SINGAPORE: A drone-like flying taxi whirred over Singapore’s waterfront Tuesday, with the firm behind the test hoping the aircraft will revolutionise travel in traffic-choked Asian cities.
The 18 propeller vehicle, developed by German firm Volocopter and with a pilot onboard during the test flight, took off from a promontory and flew for about two minutes and 30 seconds around the Marina Bay district.
Heavy rains in the morning almost delayed the flight, but the skies cleared in time for the battery-operated, two-seater taxi to quietly fly past skyscrapers.
While the hover-taxis — resembling small helicopters but powered by drone-like technology — can fly autonomously, there was a pilot aboard during the test for safety reasons.
Volocopter has already tested the aircraft in Dubai, Helsinki, Germany and Las Vegas but the Singapore trial is the first in the heart of a city.
The orderly metropolis is likely to be among the first to get the service, with a commercial rollout expected in two to four years, and Volocopter then hopes to introduce the vehicles in traffic-clogged Asian cities.
Prices for a trip in the aircraft have not yet been determined but Volocopter is aiming for just above the fare of a taxi ride.
“We generally consider Asia to be a huge opportunity to benefit from this new technology, and we intend to have a strong presence in Asia starting here in Singapore,” said Volocopter chief executive Florian Reuter.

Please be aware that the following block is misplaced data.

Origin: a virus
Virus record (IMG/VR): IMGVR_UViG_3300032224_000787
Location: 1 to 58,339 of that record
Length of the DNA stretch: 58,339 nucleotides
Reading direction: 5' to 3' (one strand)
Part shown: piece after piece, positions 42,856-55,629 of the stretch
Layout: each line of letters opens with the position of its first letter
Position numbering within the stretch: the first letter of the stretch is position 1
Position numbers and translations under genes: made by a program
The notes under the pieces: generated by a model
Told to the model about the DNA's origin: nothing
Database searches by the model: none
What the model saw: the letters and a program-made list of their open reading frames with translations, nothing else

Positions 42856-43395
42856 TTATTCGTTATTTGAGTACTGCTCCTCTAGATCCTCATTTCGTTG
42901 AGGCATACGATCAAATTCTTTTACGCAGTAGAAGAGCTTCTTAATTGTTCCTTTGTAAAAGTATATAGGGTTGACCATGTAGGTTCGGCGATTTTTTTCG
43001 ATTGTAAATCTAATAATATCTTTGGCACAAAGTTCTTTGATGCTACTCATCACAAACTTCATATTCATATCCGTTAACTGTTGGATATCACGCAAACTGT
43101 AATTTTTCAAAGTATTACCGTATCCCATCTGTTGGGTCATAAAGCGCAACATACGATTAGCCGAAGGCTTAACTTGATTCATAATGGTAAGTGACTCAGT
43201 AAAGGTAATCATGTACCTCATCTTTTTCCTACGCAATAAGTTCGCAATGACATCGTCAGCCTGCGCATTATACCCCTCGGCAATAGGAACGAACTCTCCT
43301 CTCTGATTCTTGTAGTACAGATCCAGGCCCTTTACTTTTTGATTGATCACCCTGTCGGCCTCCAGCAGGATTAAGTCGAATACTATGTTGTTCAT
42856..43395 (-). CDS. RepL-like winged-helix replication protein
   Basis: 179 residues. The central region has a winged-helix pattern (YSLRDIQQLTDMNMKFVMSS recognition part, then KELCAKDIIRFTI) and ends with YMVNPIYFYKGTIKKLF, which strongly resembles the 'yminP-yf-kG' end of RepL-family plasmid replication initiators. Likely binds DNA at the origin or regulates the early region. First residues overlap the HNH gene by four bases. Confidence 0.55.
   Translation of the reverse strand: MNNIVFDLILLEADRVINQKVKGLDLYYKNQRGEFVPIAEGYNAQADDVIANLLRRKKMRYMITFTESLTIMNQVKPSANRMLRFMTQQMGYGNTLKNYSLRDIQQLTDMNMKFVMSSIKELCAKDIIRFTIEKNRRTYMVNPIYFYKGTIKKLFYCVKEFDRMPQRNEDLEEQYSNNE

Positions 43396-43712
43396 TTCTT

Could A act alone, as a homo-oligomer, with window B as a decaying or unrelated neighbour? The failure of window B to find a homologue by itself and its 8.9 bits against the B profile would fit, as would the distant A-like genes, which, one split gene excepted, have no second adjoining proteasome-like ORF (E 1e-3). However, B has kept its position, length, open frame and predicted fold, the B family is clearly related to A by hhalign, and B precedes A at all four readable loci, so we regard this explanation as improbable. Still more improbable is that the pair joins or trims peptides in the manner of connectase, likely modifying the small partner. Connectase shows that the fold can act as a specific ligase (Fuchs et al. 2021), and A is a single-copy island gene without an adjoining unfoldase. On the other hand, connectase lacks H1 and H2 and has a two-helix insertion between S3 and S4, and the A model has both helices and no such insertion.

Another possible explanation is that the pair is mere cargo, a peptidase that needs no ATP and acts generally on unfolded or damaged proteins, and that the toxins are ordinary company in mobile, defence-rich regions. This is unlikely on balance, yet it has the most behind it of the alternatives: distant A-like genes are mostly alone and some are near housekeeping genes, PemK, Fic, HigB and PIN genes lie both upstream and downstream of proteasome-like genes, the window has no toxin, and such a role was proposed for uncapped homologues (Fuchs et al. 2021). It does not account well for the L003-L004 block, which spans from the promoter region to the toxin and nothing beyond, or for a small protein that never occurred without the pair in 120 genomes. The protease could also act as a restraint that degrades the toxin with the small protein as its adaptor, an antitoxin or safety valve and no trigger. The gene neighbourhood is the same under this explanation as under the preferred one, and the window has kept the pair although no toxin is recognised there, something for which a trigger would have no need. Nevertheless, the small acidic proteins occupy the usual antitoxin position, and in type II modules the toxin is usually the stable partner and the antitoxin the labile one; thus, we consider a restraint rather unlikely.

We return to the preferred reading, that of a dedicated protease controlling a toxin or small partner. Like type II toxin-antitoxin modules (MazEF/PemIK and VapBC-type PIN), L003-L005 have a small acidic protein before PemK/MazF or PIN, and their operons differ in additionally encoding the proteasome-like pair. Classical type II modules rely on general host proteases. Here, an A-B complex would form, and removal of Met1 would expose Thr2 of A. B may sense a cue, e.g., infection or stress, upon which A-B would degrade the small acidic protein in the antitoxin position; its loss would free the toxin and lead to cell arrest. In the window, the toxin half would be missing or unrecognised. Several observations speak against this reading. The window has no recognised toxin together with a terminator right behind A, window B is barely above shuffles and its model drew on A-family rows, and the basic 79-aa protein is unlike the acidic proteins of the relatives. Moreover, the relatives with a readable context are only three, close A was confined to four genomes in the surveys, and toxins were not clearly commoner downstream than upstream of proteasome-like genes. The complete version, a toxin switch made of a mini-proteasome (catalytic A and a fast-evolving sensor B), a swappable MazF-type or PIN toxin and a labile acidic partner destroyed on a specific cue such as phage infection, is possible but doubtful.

The company wants to bring the service to sprawling cities like Jakarta, Manila and Bangkok, as well as parts of India and China, he said.
Many Asian mega-cities are notorious for monster traffic jams, which leave millions of commuters facing long journeys, and can delay executives trying to dash to airports or reach important meetings on time.
In China, Volocopter plans to partner with automaker Geely, which owns a stake in the German aviation company, to mass-produce flying taxis for the Chinese market, Reuter said.
The flying taxi will be used in Singapore to provide quick travel on routes such as from Marina Bay to Sentosa island, home to several tourist attractions and luxury hotels, or to ferry people from ships anchored offshore to port.
Earlier this week in the city-state, Volocopter unveiled the “VoloPort”, a flying taxi port at the water’s edge with a landing and takeoff pad as well as a passenger terminal.
The port was not used for Tuesday’s test flight because it has not been certified yet.
Volocopter faces some competition, including from Uber and Kitty Hawk, a firm backed by Google co-founder Larry Page.
“We feel we are at the humble beginnings of a new mode of transportation that ultimately will transform the way we see mobility in cities,” Reuter said.
“This might sound sci-fi futuristic to many people, but I think we are now starting to grasp what implications this technology can actually have.”
Singapore has become a centre for testing self-driving vehicles, and earlier this year conducted a public trial of autonomous buses booked through an app.
The city-state is currently hosting a major transport technology conference.